What type of machine are you running quickpar on and how much time does it usually take you to create the volumes? I'm interested to see how much of a difference I'll see if I upgrade the machine that I've been using the par2 tools on.
I have a fairly high-end machine (though a bit weak on RAM) with an Athlon 3200+ running at 400 MHz bus speed. To make 1 DVDs worth of backup volumes, assuming no other activity on the computer, it will take a little over an hour. I usually setup 3-4 DVDs and let them run at the same time overnight, and when I get up the discs are ready to burn. It's probably taking it's toll on my hard drives, but that's why I obsessively back things up with par2....in the event of an HD crash, I don't want to lose much.

wazoo2u
2005-04-12, 11:18 AM
I think we're both right, but talking about different things. I am not making reference to video DVDs at all, but rather Data DVD backsups of FLAC/SHN files.
<snip>
So yes, you're right, but we were thinking of different things. For Data DVDs, there's no need to do anything to the files you're protecting since they are small enough that a few can be trashed completely and a full recovery is still quite probable.


I thought we were talking about backing up Video DVD's. Of course, the methods for Data DVD's would be different, since individual file sizes are generally much smaller. The original post said I'm currently trying to create par2 files on a dvd sized image - 20% with 20% par2 redundancy and the process is slow so of course, my method was to break the image down to smaller and more manageable/recoverable pieces. Sorry for the confusion. :confused:

Sometimes we take too much for granted, I guess.

Beleaguered
2005-04-12, 01:46 PM
I understand what you are saying about using smaller rar's, but I think it's redundant when you consider that data on cds and dvds are stored in a given sector size (we all know about sbe's): 2048 bytes for cds and 2352 for dvds. Thus, you really only need to fix the bad sectors in a file, not the whole file regardless of whether it's a rar, flac, or vob file.

I use the following process when doing dvd backups... Make a dvd image (write it to the hard drive, not the dvd yet). Create a par2 recovery file of that image using some multiple of the dvd sector size. Burn the image to dvd. If the dvd goes bad, you can write the disk image back to disk ignoring the bad sectors (using IsoBuster or a similar program) and repair it with the par2 files.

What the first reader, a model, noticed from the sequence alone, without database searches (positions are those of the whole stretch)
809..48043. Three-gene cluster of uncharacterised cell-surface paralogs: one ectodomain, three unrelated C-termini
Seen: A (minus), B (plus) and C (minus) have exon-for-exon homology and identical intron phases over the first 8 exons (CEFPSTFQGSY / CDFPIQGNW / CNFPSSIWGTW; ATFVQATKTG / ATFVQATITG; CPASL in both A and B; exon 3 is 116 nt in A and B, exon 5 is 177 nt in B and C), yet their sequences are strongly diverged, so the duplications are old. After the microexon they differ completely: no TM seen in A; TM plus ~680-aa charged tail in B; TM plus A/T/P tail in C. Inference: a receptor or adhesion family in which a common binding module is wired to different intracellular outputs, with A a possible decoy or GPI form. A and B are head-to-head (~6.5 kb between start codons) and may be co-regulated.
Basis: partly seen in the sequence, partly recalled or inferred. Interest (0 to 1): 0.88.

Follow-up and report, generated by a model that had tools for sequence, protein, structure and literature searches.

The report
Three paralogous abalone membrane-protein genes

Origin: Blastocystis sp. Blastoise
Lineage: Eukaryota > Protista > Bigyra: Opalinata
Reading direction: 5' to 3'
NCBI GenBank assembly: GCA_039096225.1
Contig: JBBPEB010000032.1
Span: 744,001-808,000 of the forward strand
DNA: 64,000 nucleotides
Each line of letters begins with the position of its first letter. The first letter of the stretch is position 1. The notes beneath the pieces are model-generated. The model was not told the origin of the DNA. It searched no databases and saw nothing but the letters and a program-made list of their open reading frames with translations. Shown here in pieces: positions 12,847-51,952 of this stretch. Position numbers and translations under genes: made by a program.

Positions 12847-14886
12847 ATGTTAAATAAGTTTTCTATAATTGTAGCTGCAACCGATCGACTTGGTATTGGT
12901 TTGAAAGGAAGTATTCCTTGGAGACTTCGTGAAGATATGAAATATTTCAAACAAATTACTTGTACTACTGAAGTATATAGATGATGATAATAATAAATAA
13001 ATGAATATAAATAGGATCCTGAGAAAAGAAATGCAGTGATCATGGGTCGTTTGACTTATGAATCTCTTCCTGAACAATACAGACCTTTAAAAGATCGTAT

I admit to not having actually tested the recovery process. I should scratch up a disk and restore the image.

My 2 :wave:

wazoo2u
2005-04-12, 02:33 PM
I use the following process when doing dvd backups... Make a dvd image (write it to the hard drive, not the dvd yet). Create a par2 recovery file of that image using some multiple of the dvd sector size. Burn the image to dvd. If the dvd goes bad, you can write the disk image back to disk ignoring the bad sectors (using IsoBuster or a similar program) and repair it with the par2 files.

I admit to not having actually tested the recovery process. I should scratch up a disk and restore the image.

My 2 :wave:

You should experiment with your recovery method, but it does sound good in theory. My gut feeling is that sector recovery is a chancy proposition in general. If you use this method (PAR files based on image creation), then I really don't know if I can offer any "timesaving" techniques, other than a fast bus and SATA drives. BTW, IsoBuster has limited functionality in it's "freeware mode". I don't know if "ignore bad sector mode" is included in the free version, but I hate to recommend tools that people need to pay for, if there are free alternatives.

You should let us know about recovery results, and note the time it takes both to create the image, create the PAR's, extract the image and then to repair... :) my guess is "quite a while" ;)

quijobe
2005-04-12, 06:07 PM
Thanks for all of the great responses. My original post was in reference to making backups of flac files on dvds, not dvd videos. Sorry for the confusion.

After playing with par2 for a while, I've decided that I will take all of the files that I want to burn and place them in a directory somewhere, run par2create with redundancy set at 20%, number of files set at 10 and block size set somewhere about 1MB. After the paring is done, I'll burn the dvd and then verify the files on the dvd as well as the par2 information.

Let me know if you see any holes in my plan.

Thanks.

wazoo2u
2005-04-12, 06:17 PM
Just playing devil's advocate here cause I don't really know the answer.

Why would you set the block size that large ? Typical PAR blocks for Usenet posting are made in the same size as the posting line count. Why bigger ?? As was mentioned in the thread, would you make PAR blocks to equal the default sector size ?

wazoo2u
2005-04-12, 06:29 PM
Just playing devil's advocate here cause I don't really know the answer.

Why would you set the block size that large ? Typical PAR blocks for Usenet posting are made in the same size as the posting line count. Why bigger ?? As was mentioned in the thread, would you make PAR blocks to equal the default sector size ?

I should have read Stephen's post above a bit closer. I see that QuickPar handles block sizes automatically. Disregard the above lamebrained questions :)

Beleaguered
2005-04-13, 08:28 AM
If you have doubts about your method, I suggest you check the QuickPar forum where the par2 creator is:
http://www.quickpar.org.uk/forum/

There's also been prior conversation on this at HA, for example:
http://www.hydrogenaudio.org/forums/index.php?showtopic=9236
http://www.hydrogenaudio.org/forums/index.php?showtopic=18456

quijobe
2005-04-13, 12:59 PM
Thanks for the links. The second one was very informative.